Volunteers join Red Cross disaster team

March 2, 2009 – There were 33 people in attendance on Saturday morning at First United Methodist Church as they came together for their first American Red Cross disaster team training session. "Besides our church, we have this big gym unit at the facility and with all the tornadoes and othe...
Mar 3, 2009

American Red Cross instructor Wayne Adams talks to a room full of volunteers Saturday morning at First United Methodist Church during emergency shelter training.
Photo by DALLUS WHITFIELD

 

March 2, 2009 – There were 33 people in attendance on Saturday morning at First United Methodist Church as they came together for their first American Red Cross disaster team training session.

"Besides our church, we have this big gym unit at the facility and with all the tornadoes and other disasters this country has been experiencing the last few years, we decided we should offer our building as a shelter and form a team to manage it," said Patty Caldwell, who with serve as facility contact person and director in conjunction with her sister, Ruth Caldwell.

"We know we may not be called upon every time there is an emergency or disaster, but we want to be ready if we're needed. And, I feel good that we wouldn't be on our own out there if and when an emergency situations happens. The Red Cross is so equipped to help us and we're thankful for them."

Wayne Adams, a specialist and instructor with the Red Cross office in Nashville, conducted the two-hour training course.

"We are especially proud of Wilson County in that it is ahead of other counties in regarding preparedness in Tennessee," said Adams. "And, the reason for this is partially because of John Jewell and the WEMA organization in Wilson County and all the facilities and volunteers that have gotten involved "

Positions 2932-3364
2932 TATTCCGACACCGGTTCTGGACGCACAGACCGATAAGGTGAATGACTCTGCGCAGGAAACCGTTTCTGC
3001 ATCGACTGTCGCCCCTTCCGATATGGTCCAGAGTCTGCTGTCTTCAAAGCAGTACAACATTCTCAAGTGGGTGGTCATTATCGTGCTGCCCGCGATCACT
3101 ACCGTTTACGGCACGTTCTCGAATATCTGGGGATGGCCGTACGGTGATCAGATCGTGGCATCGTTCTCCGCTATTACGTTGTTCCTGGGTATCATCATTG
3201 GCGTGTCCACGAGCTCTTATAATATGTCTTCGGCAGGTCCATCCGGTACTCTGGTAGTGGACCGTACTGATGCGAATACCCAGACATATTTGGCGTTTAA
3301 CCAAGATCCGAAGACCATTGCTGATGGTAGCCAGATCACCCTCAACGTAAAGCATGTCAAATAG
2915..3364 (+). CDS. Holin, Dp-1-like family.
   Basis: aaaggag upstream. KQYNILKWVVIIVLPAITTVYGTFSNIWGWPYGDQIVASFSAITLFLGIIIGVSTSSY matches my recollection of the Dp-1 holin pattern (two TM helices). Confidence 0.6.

Not all disasters are of the magnitude of Katrina that brought thousands of victims into the Lebanon area for shelter. Most emergencies are single family or apartment fires or smaller areas being devastated by tornadoes or whatever. The Red Cross does amazing work, but the Nashville office staff is few and they can't be everywhere. So, the Red Cross is striving to have 10,000 volunteers trained across the state and many facilities in preparedness so whatever disaster happens anywhere, there are shelters and people to man them available at a moment's notice.

Adams explained what the Red Cross goes through when a team and facility offer to become a "sheltering partner" and commits to support them by furnishing pre-incident training and orientation materials; support during actual times of operation; provide technical guidance; work with the facility in assuming financial responsibility for costs of shelter operation above and beyond facility's ongoing costs, i.e., food, supplies, electrical bill, heating/cooling, etc.

The training course consisted of the following:
• A welcome and introductory explanation of the American Red Cross disaster program.

• The functions and services provided in a shelter.

• Job descriptions and checklists for shelter functions.

• Information for shelter residents.

• Shelter supplies needed.

A question and answer period followed.

Adams reiterated that the American Red Cross is non-government affiliated and is an organization funded by private and public donations only.

He said last year the American Red Cross handled 17,000 national disasters, including fires, flooding, chemical spills, tornadoes, hurricanes, etc. The Tennessee office alone had 278 fires, affecting 378 families and 1,194 people and provided emergency relief dollars of $308,054 in obtaining needed prescriptions, food, housing, clothing, glasses, mental health counseling, etc. He said they've also aided 857 military families and provided educational training for 17,000 people, all through the help of 97 percent volunteers.

Two hundred countries throughout the world subscribe to the Red Cross/Red Crescent principal.

Adams said they may only have to open a shelter in the area four or five times a year because most people prefer to stay with family members and friends if possible.

"However, please remember if you happen to be in need of a shelter, you have some responsibilities also," he said. "For instance, parents are responsible for their children. In other words, a mother can't just leave her children in a shelter and go out shopping. Shelter occupants can't be running up long distance telephone charges. They need to call one relative and have that relative call the other relatives."

"We're so happy about our church and team of volunteers," aid Caldwell. "We intend to be ready if and when they call on us."

For more information on the American Red Cross and their disaster relief programs, check out their website.

 

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